With the publication of Volume Two, one can select from a whole new range of dishes, from the French bread to a salted goose, from peasant ragoûts to royal Napoleons. Each of the new master recipes is worked out, step by infallible step, with the detail, exactness, and clarity that are the soul of Mastering the Art of French Cooking. And the many drawings—five times as many as in Volume One—are demonstrations in themselves, making the already clear instructions doubly clear.
More than a million American families now own Volume One. For them and, in fact, for all who would master the art of French cooking, Julia Child and Simone Beck open up new worlds of expertise and good eating. Bon appétit!

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Editorial Reviews

From Barnes & Noble
The book that started it all. When Mastering the Art of French Cooking, the product of nearly a decade of work, was first released in 1961, it started a revolution. This edition celebrates its 40th anniversary.

No single cookbook has influenced more chefs or inspired more home cooks to try something ambitious, authentic, and refined on their own. It changed the face of food writing as well, with its precisely detailed instructions and ingredient lists. As Paula Wolfert is quoted as saying in Noël Riley Fitch's biography of Julia Child, "Just as it's been said that all Russian literature has been taken from Gogol's overcoat, so all American food writing has been derived from Julia's apron." A tattered copy of the first edition can be found in just about every baby boomer's kitchen.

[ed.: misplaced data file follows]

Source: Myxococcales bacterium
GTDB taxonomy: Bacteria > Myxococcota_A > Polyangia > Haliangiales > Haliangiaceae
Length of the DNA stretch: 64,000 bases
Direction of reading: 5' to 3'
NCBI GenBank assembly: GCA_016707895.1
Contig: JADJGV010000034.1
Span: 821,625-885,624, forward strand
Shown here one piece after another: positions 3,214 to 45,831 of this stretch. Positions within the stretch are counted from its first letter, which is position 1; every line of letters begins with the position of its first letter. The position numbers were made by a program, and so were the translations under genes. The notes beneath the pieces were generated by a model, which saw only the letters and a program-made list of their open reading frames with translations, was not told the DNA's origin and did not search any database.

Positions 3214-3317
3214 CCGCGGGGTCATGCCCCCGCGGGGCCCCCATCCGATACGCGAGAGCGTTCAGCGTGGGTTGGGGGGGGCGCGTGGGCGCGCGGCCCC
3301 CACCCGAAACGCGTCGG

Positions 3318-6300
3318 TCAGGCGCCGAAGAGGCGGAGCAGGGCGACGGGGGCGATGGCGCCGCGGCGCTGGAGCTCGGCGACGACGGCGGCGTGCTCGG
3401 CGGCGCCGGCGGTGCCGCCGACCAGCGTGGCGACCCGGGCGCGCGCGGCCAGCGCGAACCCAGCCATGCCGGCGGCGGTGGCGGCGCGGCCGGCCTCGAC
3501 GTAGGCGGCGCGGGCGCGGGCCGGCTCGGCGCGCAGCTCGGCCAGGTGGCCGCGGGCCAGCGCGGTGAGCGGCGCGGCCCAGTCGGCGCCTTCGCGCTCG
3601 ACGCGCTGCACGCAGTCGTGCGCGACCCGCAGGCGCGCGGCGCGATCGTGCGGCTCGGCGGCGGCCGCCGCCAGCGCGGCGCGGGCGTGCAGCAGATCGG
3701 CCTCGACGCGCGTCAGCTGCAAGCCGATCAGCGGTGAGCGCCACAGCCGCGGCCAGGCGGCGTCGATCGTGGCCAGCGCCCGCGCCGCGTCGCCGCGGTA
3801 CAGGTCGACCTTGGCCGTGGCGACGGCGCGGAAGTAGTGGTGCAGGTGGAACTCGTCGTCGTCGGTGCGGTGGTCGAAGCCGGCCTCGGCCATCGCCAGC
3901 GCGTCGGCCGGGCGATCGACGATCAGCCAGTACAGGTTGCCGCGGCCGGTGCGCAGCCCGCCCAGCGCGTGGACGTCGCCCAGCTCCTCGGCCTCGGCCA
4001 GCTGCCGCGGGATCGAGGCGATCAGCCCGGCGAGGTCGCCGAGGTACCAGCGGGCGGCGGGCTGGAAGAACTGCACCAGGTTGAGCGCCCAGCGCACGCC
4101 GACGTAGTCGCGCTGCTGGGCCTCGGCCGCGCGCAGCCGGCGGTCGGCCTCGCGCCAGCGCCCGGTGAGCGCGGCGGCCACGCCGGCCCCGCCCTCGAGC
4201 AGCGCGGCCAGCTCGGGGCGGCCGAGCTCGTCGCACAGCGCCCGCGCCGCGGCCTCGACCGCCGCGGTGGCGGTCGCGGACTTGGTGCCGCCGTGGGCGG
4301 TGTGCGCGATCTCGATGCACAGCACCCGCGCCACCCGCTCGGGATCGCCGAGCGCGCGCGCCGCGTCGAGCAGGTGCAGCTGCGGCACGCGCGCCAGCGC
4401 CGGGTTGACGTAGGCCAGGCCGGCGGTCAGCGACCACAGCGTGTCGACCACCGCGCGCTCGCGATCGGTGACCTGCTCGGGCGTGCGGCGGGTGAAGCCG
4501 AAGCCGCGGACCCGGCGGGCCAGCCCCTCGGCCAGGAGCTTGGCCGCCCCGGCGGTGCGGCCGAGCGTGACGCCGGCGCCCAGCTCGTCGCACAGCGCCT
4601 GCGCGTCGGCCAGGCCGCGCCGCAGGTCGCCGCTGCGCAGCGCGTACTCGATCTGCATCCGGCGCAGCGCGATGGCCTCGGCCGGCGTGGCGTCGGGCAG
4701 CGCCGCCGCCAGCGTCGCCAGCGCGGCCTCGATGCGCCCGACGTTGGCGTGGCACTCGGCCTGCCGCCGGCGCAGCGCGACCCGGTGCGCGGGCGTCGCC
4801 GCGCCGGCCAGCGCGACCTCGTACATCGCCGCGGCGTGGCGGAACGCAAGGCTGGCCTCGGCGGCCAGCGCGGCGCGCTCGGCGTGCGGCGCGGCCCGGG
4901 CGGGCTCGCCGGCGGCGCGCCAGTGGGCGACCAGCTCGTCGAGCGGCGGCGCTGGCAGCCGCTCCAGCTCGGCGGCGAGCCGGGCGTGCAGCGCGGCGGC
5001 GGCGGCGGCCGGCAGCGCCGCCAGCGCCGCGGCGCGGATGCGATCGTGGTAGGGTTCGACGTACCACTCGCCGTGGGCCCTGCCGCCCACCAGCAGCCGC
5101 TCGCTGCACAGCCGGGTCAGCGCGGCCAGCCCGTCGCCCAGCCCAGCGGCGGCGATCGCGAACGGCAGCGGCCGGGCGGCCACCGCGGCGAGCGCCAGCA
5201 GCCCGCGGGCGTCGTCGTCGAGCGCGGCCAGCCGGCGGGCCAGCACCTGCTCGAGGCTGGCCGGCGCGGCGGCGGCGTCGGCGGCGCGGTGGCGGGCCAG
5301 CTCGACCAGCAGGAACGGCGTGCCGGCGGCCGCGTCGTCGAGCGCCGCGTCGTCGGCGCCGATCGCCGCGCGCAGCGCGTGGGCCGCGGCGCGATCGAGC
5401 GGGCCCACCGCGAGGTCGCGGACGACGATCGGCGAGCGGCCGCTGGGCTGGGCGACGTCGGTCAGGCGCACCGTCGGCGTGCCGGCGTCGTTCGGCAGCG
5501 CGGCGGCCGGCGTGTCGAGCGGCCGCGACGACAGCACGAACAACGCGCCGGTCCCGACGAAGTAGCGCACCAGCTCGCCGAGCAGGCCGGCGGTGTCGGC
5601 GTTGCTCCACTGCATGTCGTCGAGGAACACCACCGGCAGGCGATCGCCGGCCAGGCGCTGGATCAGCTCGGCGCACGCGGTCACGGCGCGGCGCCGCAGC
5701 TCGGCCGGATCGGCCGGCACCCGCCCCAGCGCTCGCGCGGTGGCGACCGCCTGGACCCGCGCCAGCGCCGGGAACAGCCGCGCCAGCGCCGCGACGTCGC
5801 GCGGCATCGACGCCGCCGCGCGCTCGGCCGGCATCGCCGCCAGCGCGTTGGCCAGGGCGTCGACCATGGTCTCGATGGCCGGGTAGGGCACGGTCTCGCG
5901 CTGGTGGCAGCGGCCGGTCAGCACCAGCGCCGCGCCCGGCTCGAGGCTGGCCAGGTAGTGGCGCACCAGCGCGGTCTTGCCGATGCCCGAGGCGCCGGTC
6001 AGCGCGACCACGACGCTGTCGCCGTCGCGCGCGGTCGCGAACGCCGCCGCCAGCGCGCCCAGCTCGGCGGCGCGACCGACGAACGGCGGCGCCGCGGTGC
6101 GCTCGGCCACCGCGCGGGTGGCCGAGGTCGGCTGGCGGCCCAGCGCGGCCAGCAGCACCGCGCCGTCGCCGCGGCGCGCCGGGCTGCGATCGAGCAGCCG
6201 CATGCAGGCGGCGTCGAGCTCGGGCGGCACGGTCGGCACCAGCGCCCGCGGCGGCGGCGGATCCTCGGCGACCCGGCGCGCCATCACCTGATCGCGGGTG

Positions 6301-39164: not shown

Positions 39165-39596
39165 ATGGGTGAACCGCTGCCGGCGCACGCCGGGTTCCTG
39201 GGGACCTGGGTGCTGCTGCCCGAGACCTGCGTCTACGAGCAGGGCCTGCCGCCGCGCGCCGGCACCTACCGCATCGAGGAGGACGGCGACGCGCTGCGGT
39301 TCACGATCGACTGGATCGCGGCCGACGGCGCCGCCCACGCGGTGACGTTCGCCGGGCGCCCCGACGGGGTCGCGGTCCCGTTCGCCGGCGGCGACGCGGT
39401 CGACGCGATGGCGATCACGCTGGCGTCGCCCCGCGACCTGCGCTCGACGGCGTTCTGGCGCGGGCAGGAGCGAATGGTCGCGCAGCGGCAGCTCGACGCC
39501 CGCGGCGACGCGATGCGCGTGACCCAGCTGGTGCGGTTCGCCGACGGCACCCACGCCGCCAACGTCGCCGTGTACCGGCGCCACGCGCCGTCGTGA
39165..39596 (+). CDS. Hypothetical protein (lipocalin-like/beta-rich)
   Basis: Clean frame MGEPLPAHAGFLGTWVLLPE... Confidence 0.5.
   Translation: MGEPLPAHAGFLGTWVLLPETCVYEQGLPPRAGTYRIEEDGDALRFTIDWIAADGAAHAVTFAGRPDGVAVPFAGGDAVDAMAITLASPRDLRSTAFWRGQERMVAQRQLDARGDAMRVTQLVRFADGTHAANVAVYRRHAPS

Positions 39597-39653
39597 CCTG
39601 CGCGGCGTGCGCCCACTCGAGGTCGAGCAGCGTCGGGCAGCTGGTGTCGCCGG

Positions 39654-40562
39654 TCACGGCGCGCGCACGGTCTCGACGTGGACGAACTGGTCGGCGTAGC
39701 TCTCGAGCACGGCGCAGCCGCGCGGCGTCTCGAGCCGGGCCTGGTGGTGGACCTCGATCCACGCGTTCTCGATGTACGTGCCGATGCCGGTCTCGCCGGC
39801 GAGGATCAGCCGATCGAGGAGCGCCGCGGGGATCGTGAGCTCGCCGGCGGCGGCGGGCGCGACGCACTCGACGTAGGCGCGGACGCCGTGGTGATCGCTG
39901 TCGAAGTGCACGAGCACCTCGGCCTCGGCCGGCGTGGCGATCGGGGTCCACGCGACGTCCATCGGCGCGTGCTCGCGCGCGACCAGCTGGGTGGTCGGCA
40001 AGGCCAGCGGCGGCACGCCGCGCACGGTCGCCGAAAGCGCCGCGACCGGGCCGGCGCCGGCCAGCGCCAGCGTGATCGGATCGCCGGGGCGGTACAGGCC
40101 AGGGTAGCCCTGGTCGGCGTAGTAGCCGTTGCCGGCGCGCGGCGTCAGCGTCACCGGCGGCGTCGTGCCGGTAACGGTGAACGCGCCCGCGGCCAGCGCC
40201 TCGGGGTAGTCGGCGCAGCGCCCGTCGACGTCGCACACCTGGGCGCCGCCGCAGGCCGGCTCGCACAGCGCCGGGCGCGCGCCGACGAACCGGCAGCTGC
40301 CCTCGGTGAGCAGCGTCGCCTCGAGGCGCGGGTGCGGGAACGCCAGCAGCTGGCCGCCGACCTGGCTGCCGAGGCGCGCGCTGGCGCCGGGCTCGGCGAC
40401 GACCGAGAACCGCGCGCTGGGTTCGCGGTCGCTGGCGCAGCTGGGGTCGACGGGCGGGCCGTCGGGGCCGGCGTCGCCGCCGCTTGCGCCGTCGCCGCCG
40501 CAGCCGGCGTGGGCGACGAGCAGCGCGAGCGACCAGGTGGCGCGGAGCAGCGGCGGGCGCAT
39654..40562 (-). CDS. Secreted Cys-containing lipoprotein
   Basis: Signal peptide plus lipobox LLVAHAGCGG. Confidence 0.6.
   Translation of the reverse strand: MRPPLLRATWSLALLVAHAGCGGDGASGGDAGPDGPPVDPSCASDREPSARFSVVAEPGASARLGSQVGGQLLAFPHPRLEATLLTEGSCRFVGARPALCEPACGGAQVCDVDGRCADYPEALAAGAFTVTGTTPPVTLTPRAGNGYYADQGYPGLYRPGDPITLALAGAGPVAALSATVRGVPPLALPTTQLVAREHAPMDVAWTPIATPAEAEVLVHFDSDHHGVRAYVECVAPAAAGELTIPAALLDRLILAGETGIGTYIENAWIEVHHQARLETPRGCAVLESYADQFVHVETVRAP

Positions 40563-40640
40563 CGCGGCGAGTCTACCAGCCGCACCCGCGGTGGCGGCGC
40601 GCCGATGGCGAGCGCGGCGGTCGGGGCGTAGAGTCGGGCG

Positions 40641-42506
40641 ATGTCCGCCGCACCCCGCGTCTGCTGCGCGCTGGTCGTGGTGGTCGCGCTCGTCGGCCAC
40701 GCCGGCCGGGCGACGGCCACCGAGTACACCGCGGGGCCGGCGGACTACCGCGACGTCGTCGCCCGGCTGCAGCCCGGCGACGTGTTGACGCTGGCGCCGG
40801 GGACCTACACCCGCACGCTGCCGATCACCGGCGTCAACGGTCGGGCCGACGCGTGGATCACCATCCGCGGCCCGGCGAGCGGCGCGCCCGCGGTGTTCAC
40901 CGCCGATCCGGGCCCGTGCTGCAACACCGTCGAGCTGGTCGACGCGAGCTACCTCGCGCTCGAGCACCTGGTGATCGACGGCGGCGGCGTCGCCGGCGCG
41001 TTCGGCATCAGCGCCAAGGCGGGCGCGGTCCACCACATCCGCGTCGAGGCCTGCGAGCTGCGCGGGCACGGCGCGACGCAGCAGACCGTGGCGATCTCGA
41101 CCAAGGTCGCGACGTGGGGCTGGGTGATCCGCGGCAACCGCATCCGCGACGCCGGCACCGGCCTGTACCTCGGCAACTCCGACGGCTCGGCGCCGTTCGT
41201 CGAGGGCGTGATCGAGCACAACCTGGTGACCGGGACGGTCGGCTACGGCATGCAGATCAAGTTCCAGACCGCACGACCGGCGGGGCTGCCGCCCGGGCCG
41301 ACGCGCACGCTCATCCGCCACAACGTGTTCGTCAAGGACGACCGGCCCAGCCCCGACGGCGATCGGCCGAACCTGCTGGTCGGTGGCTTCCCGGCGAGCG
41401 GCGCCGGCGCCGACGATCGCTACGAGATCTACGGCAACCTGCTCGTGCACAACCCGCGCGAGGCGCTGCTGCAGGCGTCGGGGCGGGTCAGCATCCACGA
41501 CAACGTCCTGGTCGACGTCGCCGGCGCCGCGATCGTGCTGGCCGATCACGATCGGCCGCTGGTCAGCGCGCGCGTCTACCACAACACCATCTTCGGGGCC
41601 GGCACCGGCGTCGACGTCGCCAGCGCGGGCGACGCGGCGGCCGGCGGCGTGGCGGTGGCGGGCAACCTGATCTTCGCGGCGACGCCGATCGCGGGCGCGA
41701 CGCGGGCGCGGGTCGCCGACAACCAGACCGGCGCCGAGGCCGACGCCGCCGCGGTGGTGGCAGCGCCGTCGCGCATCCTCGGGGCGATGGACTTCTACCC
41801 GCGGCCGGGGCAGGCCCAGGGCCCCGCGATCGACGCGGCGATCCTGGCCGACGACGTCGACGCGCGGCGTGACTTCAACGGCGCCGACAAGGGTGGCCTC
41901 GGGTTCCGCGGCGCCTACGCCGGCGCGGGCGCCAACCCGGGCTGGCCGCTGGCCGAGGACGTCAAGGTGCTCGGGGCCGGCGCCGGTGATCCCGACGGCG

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Product Details

  • ISBN-13: 9780394721774
  • Publisher: Knopf Doubleday Publishing Group
  • Publication date: 10/1/1983
  • Edition description: New
  • Edition number: 1
  • Pages: 648
  • Sales rank: 279,849
  • Product dimensions: 7.01 (w) x 10.02 (h) x 1.35 (d)

Meet the Author

Julia Child
Julia Child
Before celebrity chefs like Emeril and Nigella came onto the culinary scene, Julia Child was teaching America how to flambé. When her groundbreaking television program, The French Chef, came into our kitchens, thousands of viewers tuned in to watch Julia flip crepes, blanch beans, and sear steaks, and to hear her signature sign-off: "Bon appétit!"

Biography

If leeks, shallots, and sea salt are available at your local supermarket, you probably have Julia Child to thank for it. At a time when many home cooks had nothing more ambitious in their repertoires than Jell-O salad, Child revolutionized the American kitchen, demonstrating that with good ingredients and a few French techniques, even the novice chef could turn out bistro-worthy dinners of boeuf bourguignon and tarte Tatin.

Child's interest in teaching techniques, rather than simply listing fancy recipes, was evident from her first cookbook, Mastering the Art of French Cooking, which took years of collaboration (with Simone Beck and Louisette Bertholle) and experimentation to write. Craig Claiborne, reviewing the book for The New York Times in 1961, wrote: "Probably the most comprehensive, laudable, and monumental work on [French cuisine] was published this week, and it will probably remain the definitive work for nonprofessionals." He was right -- it's been a top seller ever since.